“We asked him if we made the bags too heavy,” said Ms. Russ Federman. “He said, ‘Niki, I’ve carried 90 pounds up Mount Everest.’ ”
Mr. Sherpa, whose full name is Chhapte Sherpa Pinasha, said he grew up the youngest of four children in a wooden shack that was a seven-hour walk from the nearest food market.
Through his teens he went barefoot, even in freezing temperatures, he said, but at age 15 he got a pair of flip-flops to take foreigners on treks, and to join his father in carrying sacks of salt over his shoulder on long walks to base-camps for Everest climbers.
A couple from California who were trekking clients financed his study of English in Katmandu. Mr. Sherpa got married there and then in 1996 immigrated to California to work on the couple’s vineyard in the Napa Valley, crushing grapes with his bare feet. He became known as the man who always went barefoot.
He worked as a line chef in Alabama and returned at times to Katmandu, where he and his wife had two children. She is currently raising them there, and Mr. Sherpa hopes to reunite with them one day.
A dozen years ago, he moved to New York. A Chinatown employment agency found him a job at Sable’s smoked fish shop on the Upper East Side. After 18 months he was hired by Russ & Daughters, where he learned how to work quickly during the High Holy Days rush, and picked up some Yiddish from Jose and Herman, two Dominican immigrants who have each worked in the shop for more than 30 years.
They taught him, for example, that a “bissel” of cream cheese was just a light “schmear,” and that all the staff members are “mishpukah” — part of the Russ family.
Most important, they taught him how to cut lox “thin enough to read a newspaper through it,” Mr. Sherpa said. Now, he has his own following of customers, including the film producer Robert Evans, he said. Mr. Evans likes his Nova lox so thin that, as the employees at the shop say, it only has one side.
After growing up on a diet of flour paste, cheese soup and butter tea, Mr. Sherpa now subsists on caviar and pickled herring and wild Baltic salmon. Instead of trekking in flip-flops, he hops the F train to work (when it’s running), and he prefers coffee to butter tea.
“Forget about it,” he said. “You have to start your day with coffee in this city.”
Russ & Daughters is open today! Fourth generation owners, Niki Russ Federman and Josh Russ Tupper, opened the shop at 9:00 a.m. today, at 179 East Houston Street, on the Lower East Side.
We have fresh bagels, hand-sliced lox, babka, hot coffee, cold water, and space for great conversation, of course. We wish all the best to you and yours and we look forward to seeing you in the shop soon.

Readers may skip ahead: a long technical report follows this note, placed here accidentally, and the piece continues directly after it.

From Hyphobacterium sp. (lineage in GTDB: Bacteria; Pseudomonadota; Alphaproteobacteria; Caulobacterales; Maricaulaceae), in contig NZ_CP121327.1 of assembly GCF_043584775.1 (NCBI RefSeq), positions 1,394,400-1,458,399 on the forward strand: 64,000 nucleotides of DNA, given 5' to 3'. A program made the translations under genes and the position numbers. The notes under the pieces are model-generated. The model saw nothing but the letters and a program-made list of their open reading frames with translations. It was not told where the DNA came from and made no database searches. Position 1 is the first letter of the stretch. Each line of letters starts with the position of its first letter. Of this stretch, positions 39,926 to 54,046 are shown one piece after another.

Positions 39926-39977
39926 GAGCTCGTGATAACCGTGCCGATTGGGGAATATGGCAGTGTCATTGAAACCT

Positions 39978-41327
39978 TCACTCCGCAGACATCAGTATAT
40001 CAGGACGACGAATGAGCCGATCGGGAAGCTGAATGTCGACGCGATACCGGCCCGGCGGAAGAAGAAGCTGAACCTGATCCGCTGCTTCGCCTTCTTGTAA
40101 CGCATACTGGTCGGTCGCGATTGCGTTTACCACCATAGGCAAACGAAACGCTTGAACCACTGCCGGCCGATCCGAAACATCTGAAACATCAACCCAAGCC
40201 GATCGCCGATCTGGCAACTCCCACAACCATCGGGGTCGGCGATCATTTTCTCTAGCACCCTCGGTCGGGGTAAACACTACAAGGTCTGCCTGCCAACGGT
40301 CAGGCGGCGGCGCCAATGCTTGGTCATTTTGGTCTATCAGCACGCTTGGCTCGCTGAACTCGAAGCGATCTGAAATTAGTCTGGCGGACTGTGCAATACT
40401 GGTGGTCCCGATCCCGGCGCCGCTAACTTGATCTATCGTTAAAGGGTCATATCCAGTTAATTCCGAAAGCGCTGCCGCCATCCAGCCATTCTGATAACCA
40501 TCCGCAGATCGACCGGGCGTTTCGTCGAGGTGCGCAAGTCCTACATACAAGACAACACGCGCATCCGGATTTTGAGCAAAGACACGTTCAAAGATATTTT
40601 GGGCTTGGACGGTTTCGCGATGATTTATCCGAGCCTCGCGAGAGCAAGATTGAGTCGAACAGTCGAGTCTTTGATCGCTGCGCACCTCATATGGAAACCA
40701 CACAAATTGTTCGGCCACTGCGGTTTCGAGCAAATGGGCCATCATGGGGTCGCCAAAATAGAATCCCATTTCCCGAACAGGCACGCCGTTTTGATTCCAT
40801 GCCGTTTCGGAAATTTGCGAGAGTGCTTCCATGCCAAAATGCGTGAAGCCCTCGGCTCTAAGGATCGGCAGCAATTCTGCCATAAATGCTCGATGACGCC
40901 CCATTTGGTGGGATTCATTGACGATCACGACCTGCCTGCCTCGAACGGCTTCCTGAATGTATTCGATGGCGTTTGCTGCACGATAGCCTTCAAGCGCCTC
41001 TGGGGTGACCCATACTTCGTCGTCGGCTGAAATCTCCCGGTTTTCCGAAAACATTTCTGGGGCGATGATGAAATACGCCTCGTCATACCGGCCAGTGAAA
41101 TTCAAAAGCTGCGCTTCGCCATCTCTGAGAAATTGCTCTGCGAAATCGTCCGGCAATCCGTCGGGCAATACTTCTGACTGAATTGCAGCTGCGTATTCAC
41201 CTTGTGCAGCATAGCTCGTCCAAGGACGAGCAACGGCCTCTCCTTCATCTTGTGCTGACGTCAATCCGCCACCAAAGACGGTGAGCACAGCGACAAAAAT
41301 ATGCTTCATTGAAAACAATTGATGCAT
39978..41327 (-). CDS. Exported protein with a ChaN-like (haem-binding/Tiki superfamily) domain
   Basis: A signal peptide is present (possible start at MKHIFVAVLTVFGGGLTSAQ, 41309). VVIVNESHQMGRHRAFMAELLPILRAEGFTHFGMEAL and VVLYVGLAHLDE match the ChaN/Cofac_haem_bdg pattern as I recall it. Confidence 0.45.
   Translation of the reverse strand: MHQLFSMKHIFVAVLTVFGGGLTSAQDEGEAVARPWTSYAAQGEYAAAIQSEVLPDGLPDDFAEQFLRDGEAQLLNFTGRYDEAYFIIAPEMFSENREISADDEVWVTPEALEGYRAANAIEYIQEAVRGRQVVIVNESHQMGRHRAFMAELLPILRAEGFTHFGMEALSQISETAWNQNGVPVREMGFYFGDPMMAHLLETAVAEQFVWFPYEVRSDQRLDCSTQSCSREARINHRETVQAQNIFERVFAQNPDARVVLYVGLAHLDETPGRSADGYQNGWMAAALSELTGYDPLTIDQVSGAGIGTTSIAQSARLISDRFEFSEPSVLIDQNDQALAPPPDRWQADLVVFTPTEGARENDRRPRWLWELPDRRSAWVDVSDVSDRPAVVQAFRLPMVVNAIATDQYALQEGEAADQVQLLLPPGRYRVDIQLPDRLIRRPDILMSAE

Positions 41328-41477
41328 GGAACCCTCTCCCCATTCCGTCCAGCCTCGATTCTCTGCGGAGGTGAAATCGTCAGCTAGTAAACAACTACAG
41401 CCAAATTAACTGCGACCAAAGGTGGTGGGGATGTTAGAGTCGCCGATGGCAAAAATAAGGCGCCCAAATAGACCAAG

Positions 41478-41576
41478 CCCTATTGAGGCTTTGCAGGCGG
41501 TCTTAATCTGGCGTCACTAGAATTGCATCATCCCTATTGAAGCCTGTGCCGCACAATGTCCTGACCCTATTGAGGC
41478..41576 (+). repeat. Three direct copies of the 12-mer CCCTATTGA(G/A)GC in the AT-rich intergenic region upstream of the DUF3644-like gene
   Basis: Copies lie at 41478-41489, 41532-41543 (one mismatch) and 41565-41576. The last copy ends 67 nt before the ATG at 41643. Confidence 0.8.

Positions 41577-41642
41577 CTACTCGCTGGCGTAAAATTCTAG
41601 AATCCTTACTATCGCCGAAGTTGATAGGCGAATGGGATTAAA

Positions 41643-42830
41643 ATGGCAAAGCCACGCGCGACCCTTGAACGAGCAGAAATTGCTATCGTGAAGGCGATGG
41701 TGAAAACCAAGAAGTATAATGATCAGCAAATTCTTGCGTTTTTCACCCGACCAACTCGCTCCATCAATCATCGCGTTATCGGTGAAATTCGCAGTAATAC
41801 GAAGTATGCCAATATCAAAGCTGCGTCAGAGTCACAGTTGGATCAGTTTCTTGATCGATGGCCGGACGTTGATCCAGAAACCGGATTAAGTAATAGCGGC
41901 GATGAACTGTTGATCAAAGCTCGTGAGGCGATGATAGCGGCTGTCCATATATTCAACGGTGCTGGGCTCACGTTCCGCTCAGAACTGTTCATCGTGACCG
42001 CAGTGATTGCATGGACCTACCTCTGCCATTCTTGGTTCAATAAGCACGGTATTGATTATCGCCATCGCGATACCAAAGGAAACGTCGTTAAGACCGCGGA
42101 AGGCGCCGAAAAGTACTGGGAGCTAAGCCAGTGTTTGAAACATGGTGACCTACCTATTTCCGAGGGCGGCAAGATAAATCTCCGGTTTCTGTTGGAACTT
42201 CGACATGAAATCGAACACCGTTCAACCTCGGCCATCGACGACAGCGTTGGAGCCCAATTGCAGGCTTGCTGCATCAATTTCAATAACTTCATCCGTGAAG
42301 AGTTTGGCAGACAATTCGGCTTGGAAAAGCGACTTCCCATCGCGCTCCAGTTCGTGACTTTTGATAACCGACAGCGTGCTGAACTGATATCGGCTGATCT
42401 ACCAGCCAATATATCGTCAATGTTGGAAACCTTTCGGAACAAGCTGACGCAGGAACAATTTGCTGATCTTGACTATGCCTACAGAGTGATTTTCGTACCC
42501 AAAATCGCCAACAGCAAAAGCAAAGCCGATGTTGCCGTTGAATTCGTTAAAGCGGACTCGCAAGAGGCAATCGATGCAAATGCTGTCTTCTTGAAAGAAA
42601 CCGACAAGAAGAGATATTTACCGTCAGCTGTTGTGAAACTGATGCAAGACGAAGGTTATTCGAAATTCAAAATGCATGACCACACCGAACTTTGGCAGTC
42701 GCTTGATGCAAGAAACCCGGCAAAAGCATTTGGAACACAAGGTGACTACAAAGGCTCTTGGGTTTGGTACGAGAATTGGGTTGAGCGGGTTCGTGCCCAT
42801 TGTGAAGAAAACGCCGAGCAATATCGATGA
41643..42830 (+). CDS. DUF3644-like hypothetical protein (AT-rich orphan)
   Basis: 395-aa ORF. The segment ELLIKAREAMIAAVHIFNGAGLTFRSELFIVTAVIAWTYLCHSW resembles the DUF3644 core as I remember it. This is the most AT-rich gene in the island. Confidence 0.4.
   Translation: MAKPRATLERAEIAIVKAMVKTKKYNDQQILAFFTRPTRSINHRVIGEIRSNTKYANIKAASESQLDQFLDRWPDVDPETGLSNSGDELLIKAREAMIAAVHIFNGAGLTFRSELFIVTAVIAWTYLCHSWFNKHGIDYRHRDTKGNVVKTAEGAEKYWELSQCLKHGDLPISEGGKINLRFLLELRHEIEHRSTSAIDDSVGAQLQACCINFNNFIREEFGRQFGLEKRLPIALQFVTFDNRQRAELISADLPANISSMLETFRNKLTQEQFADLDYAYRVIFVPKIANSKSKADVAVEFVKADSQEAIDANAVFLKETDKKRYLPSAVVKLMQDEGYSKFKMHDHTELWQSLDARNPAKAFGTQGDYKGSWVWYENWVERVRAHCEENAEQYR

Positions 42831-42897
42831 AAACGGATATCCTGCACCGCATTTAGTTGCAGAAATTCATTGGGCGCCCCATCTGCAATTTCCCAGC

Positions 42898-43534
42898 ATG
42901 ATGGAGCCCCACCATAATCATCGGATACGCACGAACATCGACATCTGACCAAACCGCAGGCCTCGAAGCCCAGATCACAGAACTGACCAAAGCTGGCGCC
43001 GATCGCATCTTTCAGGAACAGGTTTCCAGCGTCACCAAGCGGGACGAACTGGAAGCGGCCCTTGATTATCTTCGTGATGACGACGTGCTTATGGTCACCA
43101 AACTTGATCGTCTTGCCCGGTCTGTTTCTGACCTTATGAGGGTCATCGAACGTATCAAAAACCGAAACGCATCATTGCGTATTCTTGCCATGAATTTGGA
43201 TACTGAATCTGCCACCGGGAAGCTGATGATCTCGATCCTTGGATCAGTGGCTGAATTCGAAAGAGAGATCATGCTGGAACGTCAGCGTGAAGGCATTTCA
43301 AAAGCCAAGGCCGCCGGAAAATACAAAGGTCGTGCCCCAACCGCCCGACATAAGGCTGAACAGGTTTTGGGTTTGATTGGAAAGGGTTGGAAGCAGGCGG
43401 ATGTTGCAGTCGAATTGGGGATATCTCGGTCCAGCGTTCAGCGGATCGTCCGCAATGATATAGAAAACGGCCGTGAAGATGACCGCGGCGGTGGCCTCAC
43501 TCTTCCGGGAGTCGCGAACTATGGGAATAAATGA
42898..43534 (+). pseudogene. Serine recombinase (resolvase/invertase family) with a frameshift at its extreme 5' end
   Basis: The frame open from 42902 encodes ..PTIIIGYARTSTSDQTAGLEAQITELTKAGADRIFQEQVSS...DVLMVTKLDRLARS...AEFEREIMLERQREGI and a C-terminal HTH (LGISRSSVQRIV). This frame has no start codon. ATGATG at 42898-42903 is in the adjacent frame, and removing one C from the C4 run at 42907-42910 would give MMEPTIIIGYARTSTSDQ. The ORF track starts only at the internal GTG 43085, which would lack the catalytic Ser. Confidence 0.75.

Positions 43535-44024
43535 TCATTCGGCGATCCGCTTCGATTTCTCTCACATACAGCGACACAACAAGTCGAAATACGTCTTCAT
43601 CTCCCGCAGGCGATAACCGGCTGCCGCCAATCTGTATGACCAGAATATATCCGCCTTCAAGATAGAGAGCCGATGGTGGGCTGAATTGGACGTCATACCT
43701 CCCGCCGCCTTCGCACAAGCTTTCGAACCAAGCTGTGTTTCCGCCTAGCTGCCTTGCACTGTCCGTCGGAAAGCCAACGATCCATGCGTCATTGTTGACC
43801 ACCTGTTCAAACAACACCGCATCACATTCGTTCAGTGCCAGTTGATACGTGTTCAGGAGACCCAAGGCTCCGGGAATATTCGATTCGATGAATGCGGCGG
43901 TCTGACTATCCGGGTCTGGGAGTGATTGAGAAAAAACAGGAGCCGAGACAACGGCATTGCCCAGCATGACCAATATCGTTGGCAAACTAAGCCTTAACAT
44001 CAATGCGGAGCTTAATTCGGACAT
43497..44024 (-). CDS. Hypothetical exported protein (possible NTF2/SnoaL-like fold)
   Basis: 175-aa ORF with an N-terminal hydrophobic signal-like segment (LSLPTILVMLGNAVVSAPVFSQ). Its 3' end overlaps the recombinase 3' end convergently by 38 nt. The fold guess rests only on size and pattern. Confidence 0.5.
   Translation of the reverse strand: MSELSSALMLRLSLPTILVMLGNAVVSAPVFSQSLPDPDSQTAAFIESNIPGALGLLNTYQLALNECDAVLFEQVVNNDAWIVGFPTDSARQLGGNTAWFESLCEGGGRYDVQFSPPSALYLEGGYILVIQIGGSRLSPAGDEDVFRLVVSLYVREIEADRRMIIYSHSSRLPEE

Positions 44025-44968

Since our power is out, and we’re running on a generator, we have no phone service and limited e-mail access at this time. But we certainly want to hear from you. For the latest updates, please follow us on Tumblr (russanddaughters.tumblr.com), Twitter (twitter.com/LoxPopuli), and Instagram (username: @RussAndDaughters).
Russ & Daughters is open today! Come visit us at 179 East Houston Street, NY NY 10002. We have a small generator, and nearly 100 years of history, and we hope to be open from 9:00 a.m. - 5:00 p.m. today.
Coming soon, to Russ & Daughters: really delicious cookies made by our friends at Beurre & Sel from Dorie Greenspan. (Visit them in the Essex Street Market!) We’ll let you know when they’re on our shelves too.
"Sesame Sea Salt cookies from The Cocktail Collection"
Bagels, stacked. At Russ & Daughters.
Traditional NYC bagels: hand-rolled, water-boiled. 90 cents each, at Russ & Daughters.
Be part of a holiday tradition. Russ & Daughters is open today from 8:00 a.m. - 5:00 p.m. Come in to the shop, take a number, and we’ll hand-slice everything you need to break-the-fast on Yom Kippur.
Russ & Daughters
Appetizing Since 1914
179 East Houston Street (between Allen Street and Orchard Street)
New York, NY 10002
Follow @russanddaughters on Instagram, and @LoxPopuli on Twitter, for updates throughout the day today and tomorrow, leading up to the holiday.
Russ & Daughters is open today from 9am-8pm. We’re no longer taking pre-orders for the holiday, but come in to the shop and we’ll help you at the counter with everything you need to break the Yom Kippur fast.
And, look at this month’s Martha Stewart Living for a great story about breaking-the-fast at Russ & Daughters and at home with the Russ family.
Follow @russanddaughters on Instagram and @LoxPopuli on Twitter for updates throughout the day today and tomorrow, leading up to the holiday.